Pushing the Limits: Fitness Through the Years in America – Legend Fitness

July 5, 2017

Pushing the Limits: Fitness Through the Years in America

For our ancestors, fitness meant more than looking good in yoga pants or performing well on the field. It was a matter of survival. Those who were physically adept fed their families, escaped predators and conquered the elements. Those who weren’t perished.

Today, fitness has evolved beyond basic survival to encompass general health, well-being and athletic performance. In our pursuit of fitness, America has accrued a long list of fads, innovations and methodologies. To celebrate America’s birthday, we thought we would take a trip down fitness memory lane:


  • Fitness legend Jack LaLanne opened one of the first modern gyms, the Jack LaLanne Physical Culture Studio. While his programs and practices eventually formed the foundation of modern training, many were surprised that someone would charge people to exercise. LaLanne introduced the first leg extension machine, the first weight selector for cable machines and designed the first squat machine, now known as the Smith machine.


  • Joe Gold opens the first Gold’s Gym in Venice, California. This facility quickly became known as the “mecca of bodybuilding.” After being featured in Pumping Iron, a 1977 film featuring bodybuilders Arnold Schwarzenegger and Lou Ferrigno, Gold’s Gym gained international renown.
  • Following the publishing of Bill Bowerman’s book Jogging, running as recreational exercise boomed. Ten years later, an estimated 25 million people were participating in social and fitness running.


  • Judi Sheppard Missett made exercising fun with the advent of Jazzercise. This new form of fitness combined jazz dance, kickboxing, ballet, Pilates and yoga. Most importantly, it was fun! Jazzercisers dressed in headbands and brightly colored tights across the country, while playing the cassette tapes to sweat it out to the sounds of Wham! and Cyndi Lauper.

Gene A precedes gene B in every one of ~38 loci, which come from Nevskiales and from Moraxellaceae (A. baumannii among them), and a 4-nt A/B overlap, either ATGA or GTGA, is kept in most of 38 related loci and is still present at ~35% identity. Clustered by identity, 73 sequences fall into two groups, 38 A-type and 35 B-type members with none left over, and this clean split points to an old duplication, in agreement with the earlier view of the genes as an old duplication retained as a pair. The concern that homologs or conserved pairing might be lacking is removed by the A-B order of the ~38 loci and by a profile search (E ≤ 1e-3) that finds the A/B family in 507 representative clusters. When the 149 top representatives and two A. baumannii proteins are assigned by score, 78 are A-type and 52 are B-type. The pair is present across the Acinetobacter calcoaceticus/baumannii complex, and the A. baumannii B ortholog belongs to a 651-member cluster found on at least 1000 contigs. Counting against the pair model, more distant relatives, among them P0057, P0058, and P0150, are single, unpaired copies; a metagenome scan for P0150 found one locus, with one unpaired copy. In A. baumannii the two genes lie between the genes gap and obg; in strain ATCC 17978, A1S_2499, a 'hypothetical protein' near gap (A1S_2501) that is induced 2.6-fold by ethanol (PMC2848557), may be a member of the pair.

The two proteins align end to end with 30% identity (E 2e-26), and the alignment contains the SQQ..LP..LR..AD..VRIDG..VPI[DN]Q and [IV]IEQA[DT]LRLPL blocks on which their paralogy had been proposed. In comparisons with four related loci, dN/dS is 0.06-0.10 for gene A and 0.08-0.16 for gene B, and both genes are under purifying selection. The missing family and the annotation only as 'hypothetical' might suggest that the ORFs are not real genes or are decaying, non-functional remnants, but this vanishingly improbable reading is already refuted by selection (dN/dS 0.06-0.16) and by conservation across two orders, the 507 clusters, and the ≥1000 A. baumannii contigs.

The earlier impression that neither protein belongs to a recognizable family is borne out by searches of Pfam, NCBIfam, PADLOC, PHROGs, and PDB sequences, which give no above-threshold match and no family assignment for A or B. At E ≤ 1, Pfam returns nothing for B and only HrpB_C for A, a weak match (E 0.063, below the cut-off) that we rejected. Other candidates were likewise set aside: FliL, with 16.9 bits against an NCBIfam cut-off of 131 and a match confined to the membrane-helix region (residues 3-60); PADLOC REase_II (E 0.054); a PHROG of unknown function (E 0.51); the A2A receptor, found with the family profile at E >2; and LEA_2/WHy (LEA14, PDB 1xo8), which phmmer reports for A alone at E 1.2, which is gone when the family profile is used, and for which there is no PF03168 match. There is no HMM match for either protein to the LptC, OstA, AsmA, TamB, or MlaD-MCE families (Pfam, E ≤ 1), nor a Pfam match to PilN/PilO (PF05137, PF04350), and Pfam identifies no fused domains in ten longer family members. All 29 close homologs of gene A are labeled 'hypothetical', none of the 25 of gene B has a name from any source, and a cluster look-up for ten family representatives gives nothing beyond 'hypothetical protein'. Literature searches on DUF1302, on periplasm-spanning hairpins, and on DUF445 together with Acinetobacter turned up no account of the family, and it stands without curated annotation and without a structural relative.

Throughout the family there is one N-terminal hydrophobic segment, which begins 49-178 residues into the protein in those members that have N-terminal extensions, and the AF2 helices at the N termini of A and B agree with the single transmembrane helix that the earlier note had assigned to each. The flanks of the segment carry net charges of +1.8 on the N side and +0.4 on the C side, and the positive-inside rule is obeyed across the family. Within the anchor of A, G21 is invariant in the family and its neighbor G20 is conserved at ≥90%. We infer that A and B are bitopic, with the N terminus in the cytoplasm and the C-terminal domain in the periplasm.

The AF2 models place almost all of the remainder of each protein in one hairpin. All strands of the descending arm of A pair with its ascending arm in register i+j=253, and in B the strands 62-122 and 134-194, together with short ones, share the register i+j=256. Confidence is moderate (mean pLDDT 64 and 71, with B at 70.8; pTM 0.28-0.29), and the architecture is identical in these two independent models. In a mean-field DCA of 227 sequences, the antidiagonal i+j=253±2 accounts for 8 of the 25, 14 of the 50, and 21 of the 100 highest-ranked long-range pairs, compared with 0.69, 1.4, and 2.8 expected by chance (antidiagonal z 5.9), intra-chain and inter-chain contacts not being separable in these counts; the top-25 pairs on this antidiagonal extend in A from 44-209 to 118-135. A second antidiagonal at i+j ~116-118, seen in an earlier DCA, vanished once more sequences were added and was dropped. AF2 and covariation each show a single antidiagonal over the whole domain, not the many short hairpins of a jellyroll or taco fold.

• Taking advantage of Gold’s Gym’s success, other corporate gym chains such as LA Fitness started popping up across the nation.
  • Iconic aerobics queen, Jane Fonda, released her first aerobics video, Jane Fonda’s Workout. Her series of 22 video workouts sold more than 17 million copies and proved that people could have fun while working out at home. Richard Simmons also helped people “party off the pounds” using aerobics, music and positive messaging.


  • Billy Blanks put an intense spin on home workouts combining martial arts, boxing, dance and hard-hitting hip-hop beats with Tae Bo. Success stories like Paula Abdul and Oprah were just the right press to get everyone talking about Tae Bo.
  • Infomercials began marketing the latest and greatest fitness tools on the market. Suzanne Somers showed off her “great legs” with the ThighMaster, a frazzled, overweight businessman “got on track” with the NordicTrack exercise machine and a sculpted, shirtless man proved that Bowflex really works.


  • Johnny Goldberg opened his first Spin Centre in Santa Monica. The phenomenon spread quickly and soon people couldn’t get enough Spinning. Others trying to ride the wave created spin-offs such as SoulCycle with stationary bikes, candlelight and high-energy music.


  • CrossFit Founder Greg Glassman launched an exercise program that emphasized whole-body fitness, general preparedness and a strong sense of community. A combination of gymnastics, weight lifting, pull-ups and calisthenics, CrossFit inspired “boxes” to open across the nation and gave new meaning to the names Fran, Grace and Helen.


While fitness fads come and go, Legend Fitness remains an advocate for superior performance and ability. Everyday our products help athletes across the world push the boundaries of what is possible. Whether it’s hitting a new PR or training for the national championship, Legend Fitness is proud to be made in America and support athletes across the globe. Explore our products or contact one of our sales representatives to discuss how we can support your fitness goals today.

Photo Credit:
Sergio Crisantemi Mister Più Blu 2014 Photograph by Adriano Federico Fioretti 1A2F

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